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Six dead, including two police, in Queensland shooting; How dangerous is policing in Australia?

This week saw the tragic killing of two Queensland Police officers during a shooting incident that left six people dead; Dr Terry Goldsworthy, Associate Professor of Criminology at Bond University, believes that while such events are rare in Australia compared to other countries, this latest loss of life will highlight once again the inherent dangers of policing, and what more can be done to reduce such risks.

[Needs standfirst and checking]

On Monday night, two police officers, Constable Rachel McCrow, 29, and Constable Matthew Arnold, 26, were shot and killed, and two other officers were injured, after being ambushed by offenders at a remote property in Wieambilla, in Queensland’s Western Downs.

A civilian was also shot and killed. Specialist police then arrived at the scene, where they shot and killed three suspects, two men and a woman.

Such events are relatively rare in Australia, and shock us when they occur. So how dangerous is policing in Australia?

Have we seen previous incidents similar to this?

Reports so far indicate police attended the address at the request of New South Wales Police to conduct a missing person inquiry, and were then ambushed as they walked up the driveway of the property. This is not the first time police in Australia have been ambushed.

In 1988, two Victorian Police constables were lured to Walsh Street, South Yarra, with reports of a located stolen vehicle. Shortly after they arrived, Constables Steven Tynan, 22, and Damian Eyre, 20, were gunned down in an execution-style attack.

In 1995, two NSW police officers were gunned down while responding to an incident in the township of Crescent Head, where the offender had camouflaged himself and was armed with a high-powered rifle. The officers were armed with revolvers. The inquest into the deaths resulted in police being issued with semi-automatic pistols to better defend themselves against armed offenders.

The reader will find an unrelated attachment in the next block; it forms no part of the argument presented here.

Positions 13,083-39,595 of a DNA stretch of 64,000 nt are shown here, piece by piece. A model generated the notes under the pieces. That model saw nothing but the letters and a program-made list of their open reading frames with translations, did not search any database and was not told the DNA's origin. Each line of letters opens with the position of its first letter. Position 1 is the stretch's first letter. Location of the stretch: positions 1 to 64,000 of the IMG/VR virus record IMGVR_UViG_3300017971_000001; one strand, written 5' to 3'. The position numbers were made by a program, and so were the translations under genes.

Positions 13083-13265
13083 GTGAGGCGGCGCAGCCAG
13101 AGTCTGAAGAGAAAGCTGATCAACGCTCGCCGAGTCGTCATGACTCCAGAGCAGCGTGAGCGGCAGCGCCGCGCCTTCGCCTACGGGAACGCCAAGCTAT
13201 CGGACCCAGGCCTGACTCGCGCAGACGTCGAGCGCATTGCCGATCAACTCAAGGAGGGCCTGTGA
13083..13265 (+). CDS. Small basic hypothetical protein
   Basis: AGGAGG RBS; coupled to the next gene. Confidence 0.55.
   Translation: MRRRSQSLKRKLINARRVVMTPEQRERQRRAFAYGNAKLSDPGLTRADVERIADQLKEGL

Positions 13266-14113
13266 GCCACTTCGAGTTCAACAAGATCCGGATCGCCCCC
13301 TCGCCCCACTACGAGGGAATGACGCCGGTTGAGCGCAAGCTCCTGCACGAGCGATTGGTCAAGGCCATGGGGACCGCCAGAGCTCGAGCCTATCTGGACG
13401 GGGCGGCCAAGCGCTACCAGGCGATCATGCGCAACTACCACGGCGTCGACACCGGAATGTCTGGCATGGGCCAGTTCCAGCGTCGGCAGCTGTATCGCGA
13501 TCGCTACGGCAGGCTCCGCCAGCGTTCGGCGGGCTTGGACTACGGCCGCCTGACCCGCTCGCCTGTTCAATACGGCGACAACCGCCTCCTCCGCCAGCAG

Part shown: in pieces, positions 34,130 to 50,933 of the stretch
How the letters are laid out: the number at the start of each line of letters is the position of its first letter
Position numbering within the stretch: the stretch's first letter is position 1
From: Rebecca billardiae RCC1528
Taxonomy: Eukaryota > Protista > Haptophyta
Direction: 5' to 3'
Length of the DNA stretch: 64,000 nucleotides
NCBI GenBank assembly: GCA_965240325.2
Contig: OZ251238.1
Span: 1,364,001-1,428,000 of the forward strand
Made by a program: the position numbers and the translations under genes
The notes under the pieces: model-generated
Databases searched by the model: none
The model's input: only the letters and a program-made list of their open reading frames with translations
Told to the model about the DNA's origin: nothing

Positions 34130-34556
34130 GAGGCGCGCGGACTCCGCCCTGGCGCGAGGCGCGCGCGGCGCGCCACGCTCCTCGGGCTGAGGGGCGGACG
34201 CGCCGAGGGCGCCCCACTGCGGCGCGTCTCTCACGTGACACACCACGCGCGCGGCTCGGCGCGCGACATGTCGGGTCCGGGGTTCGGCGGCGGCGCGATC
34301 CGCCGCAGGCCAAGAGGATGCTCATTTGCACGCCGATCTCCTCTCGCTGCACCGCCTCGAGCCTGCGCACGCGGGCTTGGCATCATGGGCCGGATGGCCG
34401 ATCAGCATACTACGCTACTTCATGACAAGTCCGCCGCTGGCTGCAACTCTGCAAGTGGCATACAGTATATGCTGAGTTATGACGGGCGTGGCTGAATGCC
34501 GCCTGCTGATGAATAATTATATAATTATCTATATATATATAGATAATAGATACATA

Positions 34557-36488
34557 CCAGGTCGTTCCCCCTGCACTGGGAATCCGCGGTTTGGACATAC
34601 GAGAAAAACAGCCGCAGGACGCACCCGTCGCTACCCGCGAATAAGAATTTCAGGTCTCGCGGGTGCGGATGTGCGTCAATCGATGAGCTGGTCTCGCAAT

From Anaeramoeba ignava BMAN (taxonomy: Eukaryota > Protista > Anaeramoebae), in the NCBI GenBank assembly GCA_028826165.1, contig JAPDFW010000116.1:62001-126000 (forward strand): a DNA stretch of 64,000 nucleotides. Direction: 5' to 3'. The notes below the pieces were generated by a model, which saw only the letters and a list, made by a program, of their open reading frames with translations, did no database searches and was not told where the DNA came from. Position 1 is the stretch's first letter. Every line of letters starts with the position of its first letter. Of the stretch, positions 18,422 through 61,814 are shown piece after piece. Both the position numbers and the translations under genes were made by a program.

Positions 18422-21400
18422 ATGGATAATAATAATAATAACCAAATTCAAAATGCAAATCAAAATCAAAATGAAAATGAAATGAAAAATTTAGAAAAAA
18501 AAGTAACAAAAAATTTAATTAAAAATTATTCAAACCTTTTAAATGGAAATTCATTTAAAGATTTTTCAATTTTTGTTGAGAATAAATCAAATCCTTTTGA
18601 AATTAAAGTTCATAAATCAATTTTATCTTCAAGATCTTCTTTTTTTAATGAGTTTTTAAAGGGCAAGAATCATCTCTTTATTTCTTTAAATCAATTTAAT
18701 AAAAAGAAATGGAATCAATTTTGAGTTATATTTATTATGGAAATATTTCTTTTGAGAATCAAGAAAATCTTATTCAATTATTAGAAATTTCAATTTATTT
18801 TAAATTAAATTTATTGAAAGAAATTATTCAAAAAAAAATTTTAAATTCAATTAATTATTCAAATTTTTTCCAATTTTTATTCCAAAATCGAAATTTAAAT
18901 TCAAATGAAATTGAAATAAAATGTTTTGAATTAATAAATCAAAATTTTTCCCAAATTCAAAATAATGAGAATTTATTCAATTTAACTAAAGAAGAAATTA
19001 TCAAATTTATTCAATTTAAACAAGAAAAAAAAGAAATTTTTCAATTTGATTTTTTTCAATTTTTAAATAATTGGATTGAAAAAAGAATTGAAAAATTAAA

In 2017, Queensland police officer Brett Forte was shot and killed after he and other police were ambushed by wanted suspect Ricky Maddison with an automatic weapon on a country road in the Lockyer Valley, west of Brisbane. The intelligence provided to Forte and his colleagues about the risk posed by Maddison has been the focus of coronial hearings.

How dangerous is policing in Australia?

study into police deaths in Australia showed 28 officers were killed by attacks between 1981 and 2007. Shootings, stabbings or assaults were the main causes of attack. The study also showed that from 1981 to 2007, 22 of the police killed in attacks – or 79% – were killed by gunshot.

While the number of deaths is small, their impact on loved ones and colleagues is great. It must be acknowledged that policing is an inherently dangerous and difficult occupation.

The Australian National Police Memorial lists those police who have been killed on duty or have died as a result of their duties. Since 2010, five police have died as the result of actions of armed offenders in Australia, of these four involved firearms and one a knife.